We are often followed by cameras as we go about our daily routines, getting cash, buying milk, throwing underwear into laundromat dryers, yet most of us routinely forget this fact. Want to get a more intense feeling of what it’s like to be tracked? Now through to December 18 you have your opportunity to let robots get closer to you at an art installation, Desire of Codes, at the InterCommunication Center in Tokyo’s Shinjuku district.
The artist Mikami Seiko set up walls covered with small robotic arms, some include sensors and cameras that follow your every move. The composite image they capture, apparently along with images from other surveillance cameras around the globe, is then projected on another wall within the space. This is high-end robot art.
Seiko’s show is part of a larger multi-artist show, Open Space 2011. According to a post in CNET one of the more striking installations from this show is David Bowen’s Tele-present Water installation. Telepresence refers to the use of various technology to give one the sense of being in another location. Top notch videoconferencing at the office could be one boring example. Bowen’s water installation is more spectacular. It eerily mimics the movement of an actual ocean using real-time data of wave movement. Made of tubes suspended in midair, it’s surprising how realistic it is. Watch the video here:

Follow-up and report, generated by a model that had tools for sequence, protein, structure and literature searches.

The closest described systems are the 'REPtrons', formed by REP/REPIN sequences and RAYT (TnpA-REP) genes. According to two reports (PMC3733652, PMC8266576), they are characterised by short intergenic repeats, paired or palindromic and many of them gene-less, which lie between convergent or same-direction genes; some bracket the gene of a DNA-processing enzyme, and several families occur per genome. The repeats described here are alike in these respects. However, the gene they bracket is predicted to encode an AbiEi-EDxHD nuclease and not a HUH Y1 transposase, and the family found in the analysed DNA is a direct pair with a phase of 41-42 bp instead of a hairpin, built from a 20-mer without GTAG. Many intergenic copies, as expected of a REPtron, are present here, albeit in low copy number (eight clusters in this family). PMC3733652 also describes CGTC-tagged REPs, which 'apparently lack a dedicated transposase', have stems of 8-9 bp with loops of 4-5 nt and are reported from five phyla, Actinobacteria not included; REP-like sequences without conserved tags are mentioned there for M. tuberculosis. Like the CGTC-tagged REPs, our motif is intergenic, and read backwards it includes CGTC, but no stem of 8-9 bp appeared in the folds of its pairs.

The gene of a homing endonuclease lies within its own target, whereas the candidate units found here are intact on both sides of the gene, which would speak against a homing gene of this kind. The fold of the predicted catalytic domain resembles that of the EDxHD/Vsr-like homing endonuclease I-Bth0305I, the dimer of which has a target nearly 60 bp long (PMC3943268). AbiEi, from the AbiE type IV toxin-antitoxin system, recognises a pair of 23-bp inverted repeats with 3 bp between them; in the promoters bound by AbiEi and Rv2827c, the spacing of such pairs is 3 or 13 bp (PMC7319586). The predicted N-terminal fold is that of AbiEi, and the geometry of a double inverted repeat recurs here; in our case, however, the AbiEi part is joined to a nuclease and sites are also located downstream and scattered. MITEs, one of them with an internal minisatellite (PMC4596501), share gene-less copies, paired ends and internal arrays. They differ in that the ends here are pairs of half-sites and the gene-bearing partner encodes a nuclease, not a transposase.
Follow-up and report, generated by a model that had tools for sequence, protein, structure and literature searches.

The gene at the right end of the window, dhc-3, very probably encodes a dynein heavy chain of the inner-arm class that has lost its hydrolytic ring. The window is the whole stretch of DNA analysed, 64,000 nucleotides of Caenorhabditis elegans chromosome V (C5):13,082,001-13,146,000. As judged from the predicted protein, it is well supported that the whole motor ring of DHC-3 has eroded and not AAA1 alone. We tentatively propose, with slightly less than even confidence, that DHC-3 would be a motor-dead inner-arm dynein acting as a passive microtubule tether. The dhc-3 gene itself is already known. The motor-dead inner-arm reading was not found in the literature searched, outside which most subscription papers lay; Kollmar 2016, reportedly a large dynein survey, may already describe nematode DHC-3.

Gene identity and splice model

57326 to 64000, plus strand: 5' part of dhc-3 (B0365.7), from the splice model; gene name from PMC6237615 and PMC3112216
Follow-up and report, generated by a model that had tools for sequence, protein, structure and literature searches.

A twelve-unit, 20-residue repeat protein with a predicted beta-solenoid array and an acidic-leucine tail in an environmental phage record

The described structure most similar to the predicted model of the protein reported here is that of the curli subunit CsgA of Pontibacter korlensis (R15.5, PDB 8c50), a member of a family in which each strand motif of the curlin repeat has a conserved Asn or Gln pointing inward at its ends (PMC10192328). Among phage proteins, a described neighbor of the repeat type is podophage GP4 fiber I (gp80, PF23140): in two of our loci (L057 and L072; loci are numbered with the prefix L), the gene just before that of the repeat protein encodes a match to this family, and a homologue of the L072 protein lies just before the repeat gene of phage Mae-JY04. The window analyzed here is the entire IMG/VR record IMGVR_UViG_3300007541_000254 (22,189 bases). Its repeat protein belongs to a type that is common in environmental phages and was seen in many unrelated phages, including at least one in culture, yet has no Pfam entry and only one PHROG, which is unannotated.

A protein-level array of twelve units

From CNET’s post:
As Bowen explains on his Web site, “Wave data is being collected in real-time from National Oceanic and Atmospheric Administration data buoy station 46246, 49.985 N 145.089 W on the Pacific Ocean. The wave intensity and frequency is scaled and transferred to the mechanical grid structure resulting in a simulation of the physical effects caused by the movement of water from halfway around the world.”
Bowen has also created tele-present wind:
Even though humanoid robots reach the uncanny valley of creepiness as they half resemble real humans, Bowen’s tele-present water installation at Open Space 2011 prove that we also have a bit of an uncanny valley with robots that resemble water.